Our Light Is New Name For Lucara’s 1,111 Carat Gem

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Lucara's 1111-Carat diamond

Lucara’s 1111-Carat diamond

Lucara Diamond Corp said Thembani Moitlhobogi has won the contest to name the 1,111 carat gem quality diamond recovered in at its Karowe mine in Botswana in November, 2015. The diamond has been named “Lesedi La Rona” which means Our Light. This symbolises the pride and history of the people of Botswana, according to company CEO, William Lamb.

Moitlhobogi will receive a prize of P25,000 following a contest that was open to all Botswana citizens including the company’s Batswana employees.

“The outpouring of pride and patriotism shown by all the participants in the contest was incredible, Lamb said.

”The diamond industry has played a vital role in the country’s development, allowing for significant and ongoing investment in world-class healthcare, education and infrastructure.”Lesedi La Rona” symbolises the pride and history of the people of Botswana.”

Lucara Diamond on January 18, 2016 launched a competition to name this spectacular Type IIa diamond, the biggest diamond ever recovered in Botswana and the second largest ever found in the world. Entrants were invited to submit their suggested name and their rationale for their choice. More than 11,000 entries were received.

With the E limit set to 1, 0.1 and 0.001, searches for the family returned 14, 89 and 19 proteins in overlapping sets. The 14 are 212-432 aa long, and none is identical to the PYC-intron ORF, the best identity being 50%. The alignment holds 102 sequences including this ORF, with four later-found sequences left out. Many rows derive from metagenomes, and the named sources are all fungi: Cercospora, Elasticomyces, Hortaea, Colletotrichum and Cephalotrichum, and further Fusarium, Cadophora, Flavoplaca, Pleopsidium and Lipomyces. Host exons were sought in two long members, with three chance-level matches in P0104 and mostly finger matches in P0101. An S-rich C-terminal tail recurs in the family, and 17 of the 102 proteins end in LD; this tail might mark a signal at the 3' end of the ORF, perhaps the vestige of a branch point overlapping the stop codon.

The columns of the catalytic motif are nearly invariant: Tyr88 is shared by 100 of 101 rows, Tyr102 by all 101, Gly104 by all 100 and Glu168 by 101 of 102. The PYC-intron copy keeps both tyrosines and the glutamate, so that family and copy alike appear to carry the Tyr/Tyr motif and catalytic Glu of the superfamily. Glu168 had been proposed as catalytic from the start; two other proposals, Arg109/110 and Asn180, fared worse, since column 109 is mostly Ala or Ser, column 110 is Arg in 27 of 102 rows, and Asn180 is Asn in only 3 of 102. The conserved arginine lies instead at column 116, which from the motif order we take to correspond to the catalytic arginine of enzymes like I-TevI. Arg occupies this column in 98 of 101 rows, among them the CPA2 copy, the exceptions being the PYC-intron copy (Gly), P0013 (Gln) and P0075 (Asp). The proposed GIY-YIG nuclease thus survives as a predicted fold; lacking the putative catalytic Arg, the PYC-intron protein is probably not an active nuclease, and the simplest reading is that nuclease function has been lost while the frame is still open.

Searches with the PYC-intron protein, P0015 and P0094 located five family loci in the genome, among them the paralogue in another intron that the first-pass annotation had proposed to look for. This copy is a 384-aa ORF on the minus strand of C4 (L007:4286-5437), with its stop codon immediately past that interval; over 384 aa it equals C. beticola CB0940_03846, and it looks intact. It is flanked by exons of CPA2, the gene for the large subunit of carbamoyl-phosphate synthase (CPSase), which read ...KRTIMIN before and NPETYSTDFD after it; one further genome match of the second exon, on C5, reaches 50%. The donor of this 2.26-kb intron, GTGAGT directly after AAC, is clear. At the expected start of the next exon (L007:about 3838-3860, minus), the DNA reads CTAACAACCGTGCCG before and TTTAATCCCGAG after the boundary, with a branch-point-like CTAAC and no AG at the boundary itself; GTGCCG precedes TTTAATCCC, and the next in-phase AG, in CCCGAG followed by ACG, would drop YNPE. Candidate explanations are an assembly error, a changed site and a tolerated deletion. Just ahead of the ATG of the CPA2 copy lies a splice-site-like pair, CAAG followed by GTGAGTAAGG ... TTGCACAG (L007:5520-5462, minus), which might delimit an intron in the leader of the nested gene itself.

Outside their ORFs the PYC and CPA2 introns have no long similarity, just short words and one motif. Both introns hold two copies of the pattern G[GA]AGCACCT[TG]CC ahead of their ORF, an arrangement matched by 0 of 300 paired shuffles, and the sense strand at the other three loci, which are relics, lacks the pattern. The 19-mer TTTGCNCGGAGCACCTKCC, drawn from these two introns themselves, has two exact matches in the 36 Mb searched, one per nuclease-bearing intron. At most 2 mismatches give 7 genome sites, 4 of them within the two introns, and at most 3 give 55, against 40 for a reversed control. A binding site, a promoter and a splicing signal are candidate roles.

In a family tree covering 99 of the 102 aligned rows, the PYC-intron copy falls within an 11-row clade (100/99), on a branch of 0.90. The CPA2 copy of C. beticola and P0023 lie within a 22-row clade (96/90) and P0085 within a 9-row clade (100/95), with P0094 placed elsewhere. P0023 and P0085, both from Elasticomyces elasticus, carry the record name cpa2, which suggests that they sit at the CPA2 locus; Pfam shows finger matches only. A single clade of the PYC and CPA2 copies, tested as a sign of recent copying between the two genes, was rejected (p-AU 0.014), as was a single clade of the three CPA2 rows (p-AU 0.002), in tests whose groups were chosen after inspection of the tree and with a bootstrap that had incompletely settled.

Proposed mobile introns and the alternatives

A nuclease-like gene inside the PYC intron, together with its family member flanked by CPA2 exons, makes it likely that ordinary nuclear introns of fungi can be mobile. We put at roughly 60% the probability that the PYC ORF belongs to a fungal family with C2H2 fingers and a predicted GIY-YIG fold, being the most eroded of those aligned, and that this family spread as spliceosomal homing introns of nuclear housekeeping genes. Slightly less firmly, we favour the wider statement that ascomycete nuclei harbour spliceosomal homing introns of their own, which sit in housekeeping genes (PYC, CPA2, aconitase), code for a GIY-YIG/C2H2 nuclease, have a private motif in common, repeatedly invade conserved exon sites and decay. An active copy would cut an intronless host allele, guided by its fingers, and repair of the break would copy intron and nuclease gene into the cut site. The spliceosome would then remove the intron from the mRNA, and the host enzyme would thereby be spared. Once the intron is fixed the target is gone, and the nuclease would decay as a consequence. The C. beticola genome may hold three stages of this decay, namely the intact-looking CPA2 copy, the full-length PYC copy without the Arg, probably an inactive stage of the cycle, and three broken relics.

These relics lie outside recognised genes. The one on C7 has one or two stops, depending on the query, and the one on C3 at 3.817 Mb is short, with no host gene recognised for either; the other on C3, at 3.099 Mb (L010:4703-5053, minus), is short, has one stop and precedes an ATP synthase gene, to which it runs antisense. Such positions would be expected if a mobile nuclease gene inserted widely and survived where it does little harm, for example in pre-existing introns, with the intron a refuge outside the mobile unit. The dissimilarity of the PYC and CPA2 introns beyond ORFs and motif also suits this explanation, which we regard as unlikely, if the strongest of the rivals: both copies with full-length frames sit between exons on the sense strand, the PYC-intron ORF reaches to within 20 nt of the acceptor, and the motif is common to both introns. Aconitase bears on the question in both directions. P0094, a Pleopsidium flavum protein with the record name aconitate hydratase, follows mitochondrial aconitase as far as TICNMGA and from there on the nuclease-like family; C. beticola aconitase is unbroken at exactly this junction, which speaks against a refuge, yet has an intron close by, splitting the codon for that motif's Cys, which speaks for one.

“To ensure transparency and independence during the name selection process, the audit firm of Ernst & Young were retained to oversee the competition. The judging panel consisted of a total of five executives from both Lucara and the Karowe mine. Entries were submitted to the judging panel on an anonymous basis with Ernst & Young retrieving the winner’s name after the panel had selected the winning name for the diamond,” said Lucara.

The historic find that originated from the south lobe of Karowe Mine, is the world’s second largest gem quality diamond ever recovered and the largest ever to be recovered through a modern processing facility. It is yet to be valued although market estimates suggest it could fetch over US$60 million—with a number of suitors showing interest in the stone.

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